Is There Progress in the Education System?

By Jean-Paul Munsch for Enlivening Edge Magazine

Jean-Paul will be the Storyteller for Enlivening Edge ‘s First-Thursday Community Conversation on March 2. He’ll share how Teal teacher training is exhausting, incredibly enjoyable, and not always comfortable for the instructors. Register by February 26 to receive access information. Find other EE Magazine articles by or mentioning Jean-Paul here.

Progress in the education system means, to me at the moment, an entanglement of a bureaucratic logic and a logic of increase. According to the theory of Spiral Dynamics this includes a progress from the Blue worldview to the next stage of development, the Orange worldview. We can observe “stagflation” in the education system: the inflationary use of bureaucracy and the stagnation (or even decline) of learning effects.

So a leap in development is needed to overcome the old patterns of “more of the same.” Is there leverage for doing so? According to John Hattie’s studies and meta-analyses, the critical and essential factor in the development of the educational system is the teacher.[1]

That leverage, using that crucial and essential factor, was the reason why I, together with a friend, launched a teacher education training ( that sees learning and personal development of the teacher him/herself as the guiding principle of teacher education at all times.

In doing so, the three cornerstones of a Teal organization according to Laloux—evolutionary purpose, wholeness and self-management—are integrated into the university and into the training. The student-teachers manage their way through the three years of teacher training on their own. The goals of study are given according to state requirements. The path to reach these goals is taken by the students on their own, yet they are supported by their peers, by lecturers, as well as by a personal coach and the people at the school where they work.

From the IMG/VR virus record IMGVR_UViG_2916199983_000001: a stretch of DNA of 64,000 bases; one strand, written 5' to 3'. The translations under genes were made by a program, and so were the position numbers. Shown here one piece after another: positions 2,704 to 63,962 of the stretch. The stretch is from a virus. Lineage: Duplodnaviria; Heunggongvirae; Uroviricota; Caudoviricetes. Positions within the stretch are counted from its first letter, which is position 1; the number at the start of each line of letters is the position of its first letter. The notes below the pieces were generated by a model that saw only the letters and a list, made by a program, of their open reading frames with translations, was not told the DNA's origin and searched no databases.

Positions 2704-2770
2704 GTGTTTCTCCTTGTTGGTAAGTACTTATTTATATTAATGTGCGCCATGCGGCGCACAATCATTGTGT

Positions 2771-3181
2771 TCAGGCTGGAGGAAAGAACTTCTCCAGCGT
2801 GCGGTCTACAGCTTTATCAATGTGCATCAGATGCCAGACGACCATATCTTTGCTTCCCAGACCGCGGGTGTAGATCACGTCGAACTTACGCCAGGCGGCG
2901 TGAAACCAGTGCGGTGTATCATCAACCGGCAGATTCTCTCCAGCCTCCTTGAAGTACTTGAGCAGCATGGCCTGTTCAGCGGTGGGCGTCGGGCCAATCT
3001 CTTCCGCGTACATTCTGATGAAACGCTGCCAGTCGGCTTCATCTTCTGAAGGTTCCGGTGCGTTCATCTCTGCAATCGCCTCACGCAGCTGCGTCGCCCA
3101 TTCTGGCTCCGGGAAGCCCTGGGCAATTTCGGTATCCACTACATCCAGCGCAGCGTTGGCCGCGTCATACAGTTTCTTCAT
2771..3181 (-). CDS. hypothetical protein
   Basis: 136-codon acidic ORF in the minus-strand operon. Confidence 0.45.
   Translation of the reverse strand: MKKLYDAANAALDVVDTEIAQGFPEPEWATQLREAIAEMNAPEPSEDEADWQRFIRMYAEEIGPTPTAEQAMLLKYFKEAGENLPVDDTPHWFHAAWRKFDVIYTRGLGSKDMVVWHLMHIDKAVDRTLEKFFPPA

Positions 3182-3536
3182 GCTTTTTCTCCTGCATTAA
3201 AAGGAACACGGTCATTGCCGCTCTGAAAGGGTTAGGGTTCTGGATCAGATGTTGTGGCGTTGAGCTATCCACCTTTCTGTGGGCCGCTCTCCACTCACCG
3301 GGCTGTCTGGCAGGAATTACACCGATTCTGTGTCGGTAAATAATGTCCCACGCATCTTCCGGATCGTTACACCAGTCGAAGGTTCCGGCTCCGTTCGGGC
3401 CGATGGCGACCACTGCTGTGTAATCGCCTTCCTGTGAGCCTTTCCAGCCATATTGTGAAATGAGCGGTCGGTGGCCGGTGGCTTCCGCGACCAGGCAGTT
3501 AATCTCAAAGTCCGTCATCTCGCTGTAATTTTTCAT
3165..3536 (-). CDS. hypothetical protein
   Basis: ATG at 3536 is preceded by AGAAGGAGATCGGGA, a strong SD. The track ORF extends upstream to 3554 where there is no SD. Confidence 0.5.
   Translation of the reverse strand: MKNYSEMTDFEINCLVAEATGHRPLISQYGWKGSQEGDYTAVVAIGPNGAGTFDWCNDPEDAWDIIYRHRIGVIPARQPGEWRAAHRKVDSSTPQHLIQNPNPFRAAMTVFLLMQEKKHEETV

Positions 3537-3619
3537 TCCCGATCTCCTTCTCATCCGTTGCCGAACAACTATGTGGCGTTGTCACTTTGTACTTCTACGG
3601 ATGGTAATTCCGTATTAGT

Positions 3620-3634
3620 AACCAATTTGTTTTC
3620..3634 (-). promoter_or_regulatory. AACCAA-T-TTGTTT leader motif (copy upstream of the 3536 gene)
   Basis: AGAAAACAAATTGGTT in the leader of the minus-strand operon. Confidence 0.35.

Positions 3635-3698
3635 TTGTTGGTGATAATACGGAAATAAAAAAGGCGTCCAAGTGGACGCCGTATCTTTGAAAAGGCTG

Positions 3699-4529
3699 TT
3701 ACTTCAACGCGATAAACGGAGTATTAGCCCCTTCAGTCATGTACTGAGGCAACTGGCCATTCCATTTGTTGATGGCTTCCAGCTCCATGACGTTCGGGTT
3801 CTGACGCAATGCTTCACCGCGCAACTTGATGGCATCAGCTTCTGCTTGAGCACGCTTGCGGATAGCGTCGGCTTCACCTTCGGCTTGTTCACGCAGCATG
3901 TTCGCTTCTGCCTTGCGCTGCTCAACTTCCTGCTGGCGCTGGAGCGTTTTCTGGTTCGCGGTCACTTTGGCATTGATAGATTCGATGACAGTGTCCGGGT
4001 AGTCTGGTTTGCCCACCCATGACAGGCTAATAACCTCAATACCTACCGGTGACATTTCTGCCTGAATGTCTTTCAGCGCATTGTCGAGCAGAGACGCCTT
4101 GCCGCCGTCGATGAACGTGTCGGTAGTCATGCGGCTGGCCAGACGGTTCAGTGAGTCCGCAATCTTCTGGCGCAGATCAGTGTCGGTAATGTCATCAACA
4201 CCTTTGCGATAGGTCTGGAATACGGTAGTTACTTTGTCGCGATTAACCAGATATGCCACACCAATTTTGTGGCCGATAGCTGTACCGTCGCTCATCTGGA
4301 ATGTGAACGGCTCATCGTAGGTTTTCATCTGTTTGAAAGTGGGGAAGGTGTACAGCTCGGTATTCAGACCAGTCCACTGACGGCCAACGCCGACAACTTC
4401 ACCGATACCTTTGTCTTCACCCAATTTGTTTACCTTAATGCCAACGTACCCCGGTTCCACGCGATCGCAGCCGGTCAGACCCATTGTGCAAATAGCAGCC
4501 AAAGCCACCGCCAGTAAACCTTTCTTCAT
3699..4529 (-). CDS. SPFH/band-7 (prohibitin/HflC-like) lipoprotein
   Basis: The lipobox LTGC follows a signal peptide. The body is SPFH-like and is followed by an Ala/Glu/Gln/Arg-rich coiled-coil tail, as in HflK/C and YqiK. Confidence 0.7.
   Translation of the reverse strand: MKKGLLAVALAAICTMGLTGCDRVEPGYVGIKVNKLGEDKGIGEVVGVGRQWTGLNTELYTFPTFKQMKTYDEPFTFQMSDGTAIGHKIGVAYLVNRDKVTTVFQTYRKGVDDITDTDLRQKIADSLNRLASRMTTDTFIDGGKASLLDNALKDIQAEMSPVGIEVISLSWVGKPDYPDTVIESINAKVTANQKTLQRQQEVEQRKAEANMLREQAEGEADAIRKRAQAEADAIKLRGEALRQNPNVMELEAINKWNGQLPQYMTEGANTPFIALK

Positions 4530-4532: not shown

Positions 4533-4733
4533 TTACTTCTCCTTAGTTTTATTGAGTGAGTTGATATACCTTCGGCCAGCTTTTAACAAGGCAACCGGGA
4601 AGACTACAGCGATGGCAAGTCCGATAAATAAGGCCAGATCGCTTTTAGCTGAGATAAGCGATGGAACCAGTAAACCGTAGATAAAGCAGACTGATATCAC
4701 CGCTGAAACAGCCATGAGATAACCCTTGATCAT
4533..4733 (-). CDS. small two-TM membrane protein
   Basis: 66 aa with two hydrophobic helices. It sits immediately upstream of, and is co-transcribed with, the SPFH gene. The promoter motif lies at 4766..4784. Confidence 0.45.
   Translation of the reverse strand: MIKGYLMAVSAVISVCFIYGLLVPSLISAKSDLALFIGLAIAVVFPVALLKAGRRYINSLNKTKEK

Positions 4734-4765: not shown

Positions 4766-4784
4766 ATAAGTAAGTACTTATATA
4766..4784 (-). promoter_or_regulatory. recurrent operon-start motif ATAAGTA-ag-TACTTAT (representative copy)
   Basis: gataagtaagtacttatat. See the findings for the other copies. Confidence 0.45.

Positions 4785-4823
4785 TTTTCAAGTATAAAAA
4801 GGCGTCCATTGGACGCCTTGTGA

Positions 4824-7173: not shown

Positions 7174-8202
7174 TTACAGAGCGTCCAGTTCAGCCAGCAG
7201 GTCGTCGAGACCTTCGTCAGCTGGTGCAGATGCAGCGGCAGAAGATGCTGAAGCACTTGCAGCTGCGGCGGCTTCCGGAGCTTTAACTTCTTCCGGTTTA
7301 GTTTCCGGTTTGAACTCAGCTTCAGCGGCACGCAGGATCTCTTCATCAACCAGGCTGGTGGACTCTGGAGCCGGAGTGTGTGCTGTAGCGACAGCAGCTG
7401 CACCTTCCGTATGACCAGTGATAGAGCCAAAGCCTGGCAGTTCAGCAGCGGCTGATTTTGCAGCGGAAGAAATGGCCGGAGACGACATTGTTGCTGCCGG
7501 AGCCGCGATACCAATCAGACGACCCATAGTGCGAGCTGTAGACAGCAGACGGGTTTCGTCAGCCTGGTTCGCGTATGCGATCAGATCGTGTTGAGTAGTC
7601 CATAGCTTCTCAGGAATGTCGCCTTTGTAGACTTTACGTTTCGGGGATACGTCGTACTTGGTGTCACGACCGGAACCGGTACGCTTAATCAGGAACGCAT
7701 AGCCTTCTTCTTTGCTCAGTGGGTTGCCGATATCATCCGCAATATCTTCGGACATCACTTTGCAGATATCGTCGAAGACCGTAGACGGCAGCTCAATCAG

Our student-teachers work in a school as a teacher from the first day of their studies. Three days a month, during the so-called Campus days, issues of practice are discussed and practical knowledge is imparted. Our Campus days are a reflective, safe space where students receive input, support, and response to their current day-to-day school challenges.

As we all bring our whole human being into check-in rounds and into sharing our needs, beliefs, and questions, we do create a community of wholeness and development. Our university which provides this teacher training is focused on our purpose, which is: We connect so that development plays.

In practical terms, this means that we all understand ourselves as learners and show ourselves as human beings: self-reflective, vulnerable, and trust-giving. When everyone in the system sees themselves as learners with a learning attitude, a development-oriented education[2] and a learning community emerges that is supported by openness, trust, joy in learning, and watching one’s own development process.

We have been running our teacher training for three years and we can see that our prototype works well. The biggest challenge was (and still is) to find a balance between guidance and self-management so that learning can thrive in an environment that also ensures goal achievement. Our biggest successes are that state teacher trainings have begun to copy our model and that our teacher-students’ desire to learn is still present.

For more information about the project and for regular blog posts (in German) see:



Dr Jean-Paul Munsch’s focus is on organizational, team, and personal development. He is accompanied by questions of psychological safety, connectedness & organizational identification, and human development.






[2] The german term for education is «Bildung» and implies also wholeness, cultural development, and reflexivity. See also:

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